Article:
Document Type



Virginia Institute of Marine Science

Publication Date



13th International Conference on Cohesive Sediment Transport Processes (INTERCOH), Leuven, Belgium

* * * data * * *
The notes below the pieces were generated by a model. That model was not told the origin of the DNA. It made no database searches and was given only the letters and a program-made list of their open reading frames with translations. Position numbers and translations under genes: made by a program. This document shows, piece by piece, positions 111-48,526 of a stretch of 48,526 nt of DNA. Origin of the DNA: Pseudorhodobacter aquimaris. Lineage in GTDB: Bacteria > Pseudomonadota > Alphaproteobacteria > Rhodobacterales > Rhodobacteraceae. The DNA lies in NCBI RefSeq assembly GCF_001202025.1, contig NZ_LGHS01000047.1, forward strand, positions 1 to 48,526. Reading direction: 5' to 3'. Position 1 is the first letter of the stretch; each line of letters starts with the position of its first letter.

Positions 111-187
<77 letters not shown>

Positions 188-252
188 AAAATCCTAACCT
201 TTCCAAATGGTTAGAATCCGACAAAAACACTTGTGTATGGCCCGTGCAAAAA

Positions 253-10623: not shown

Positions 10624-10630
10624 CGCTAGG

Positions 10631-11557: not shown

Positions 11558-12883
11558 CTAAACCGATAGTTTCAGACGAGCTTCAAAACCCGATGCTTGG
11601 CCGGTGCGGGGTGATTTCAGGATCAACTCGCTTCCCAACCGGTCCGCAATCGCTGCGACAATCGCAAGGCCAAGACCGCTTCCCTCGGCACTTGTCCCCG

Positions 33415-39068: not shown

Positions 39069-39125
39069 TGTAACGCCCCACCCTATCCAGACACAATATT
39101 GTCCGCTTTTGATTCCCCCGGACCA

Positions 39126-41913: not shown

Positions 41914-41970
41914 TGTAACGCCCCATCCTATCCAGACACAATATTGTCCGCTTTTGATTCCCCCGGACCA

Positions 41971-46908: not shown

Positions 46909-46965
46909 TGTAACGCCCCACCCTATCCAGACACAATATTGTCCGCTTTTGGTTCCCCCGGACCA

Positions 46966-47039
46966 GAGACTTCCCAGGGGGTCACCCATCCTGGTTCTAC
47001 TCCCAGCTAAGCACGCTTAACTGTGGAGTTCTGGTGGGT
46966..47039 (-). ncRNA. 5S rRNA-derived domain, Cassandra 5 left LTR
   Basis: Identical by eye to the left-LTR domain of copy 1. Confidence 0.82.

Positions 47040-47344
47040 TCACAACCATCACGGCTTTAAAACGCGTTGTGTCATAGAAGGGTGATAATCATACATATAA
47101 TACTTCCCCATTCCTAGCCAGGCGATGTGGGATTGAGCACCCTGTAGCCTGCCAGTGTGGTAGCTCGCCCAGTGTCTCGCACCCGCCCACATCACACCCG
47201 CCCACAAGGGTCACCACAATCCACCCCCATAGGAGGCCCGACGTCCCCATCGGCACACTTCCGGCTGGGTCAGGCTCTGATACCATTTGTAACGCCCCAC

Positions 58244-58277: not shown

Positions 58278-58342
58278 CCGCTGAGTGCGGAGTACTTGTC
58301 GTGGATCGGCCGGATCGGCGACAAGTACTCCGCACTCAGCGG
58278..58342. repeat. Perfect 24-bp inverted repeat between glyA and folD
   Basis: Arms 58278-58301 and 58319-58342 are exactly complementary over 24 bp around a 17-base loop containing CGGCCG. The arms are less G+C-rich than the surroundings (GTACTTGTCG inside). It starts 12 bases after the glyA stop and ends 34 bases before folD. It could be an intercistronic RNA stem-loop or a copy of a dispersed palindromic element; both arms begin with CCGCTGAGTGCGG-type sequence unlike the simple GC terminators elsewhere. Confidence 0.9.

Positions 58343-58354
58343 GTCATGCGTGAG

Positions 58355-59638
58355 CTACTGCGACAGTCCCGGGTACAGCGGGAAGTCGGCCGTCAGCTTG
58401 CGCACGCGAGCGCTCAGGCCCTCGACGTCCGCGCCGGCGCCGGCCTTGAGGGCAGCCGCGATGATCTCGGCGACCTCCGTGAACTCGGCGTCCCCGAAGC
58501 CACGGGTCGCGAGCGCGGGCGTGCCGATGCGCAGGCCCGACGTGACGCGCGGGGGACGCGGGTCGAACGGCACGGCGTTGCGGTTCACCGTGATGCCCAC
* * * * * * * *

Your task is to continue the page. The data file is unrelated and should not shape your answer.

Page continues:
Appropriate parameterization of time-dependent erodibility of muddy seabeds is a significant barrier to improved understanding and accurate modelling of sediment dynamics in estuaries and other coastal regions. In an effort to better understand controls on muddy seabed erodibility, bed erodibility and associated bed sediment properties have been measured by our group on cores collected on dozens of cruises over the last decade in the York Estuary (e.g., Dickhudt et al., 2009, 2011; Kraatz, 2013). We have also inferred time-varying erodibility indirectly in the York Estuary over several years by vertically integrating observations of tidally-varying suspended sediment concentration (e.g. Friedrichs et al., 2008; Cartwright et al., 2009; Fall, 2012). This paper synthesizes the results of these long-term observations in this partially-mixed estuary, whose seabed is similar to that of many other moderately energetic, muddy tidal estuaries. Seabed erodibility was measured directly on bed samples from the York Estuary utilizing a dual core Gust erosion microcosm. This device uses a rotating disc with central suction to impose a nearly uniform shear stress on the surface of 10cm diameter sediment cores. After collection of box cores in the York River Estuary, sub-cores for use in the microcosm were carefully transported to the Virginia Institute of Marine Science (VIMS) located nearby on the banks of the York. To minimize consolidation effects, erodibility measurements were generally underway in our sediment lab within about 2h of core collection. Erodibility measurements consisted of a sequence of seven steps of approximately 20-min duration, each with a consecutively increasing shear stress (0.01, 0.05, 0.1, 0.2, 0.3, 0.45 and 0.6Pa) applied to the sediment surface. Bed erodibility was also measured indirectly in the York Estuary utilizing Acoustic Doppler Velocimeters (ADVs). Although an ADV cannot control shear stress, a bottom-mounted ADV still documents time-varying bed stress by measuring near-bed turbulent velocity, and ADV backscatter can be calibrated for suspended sediment concentration. Estimating the vertical integral of suspended sediment concentration then gives an estimate of eroded mass as a continuous function of stress, analogous to the data provided by a Gust microcosm.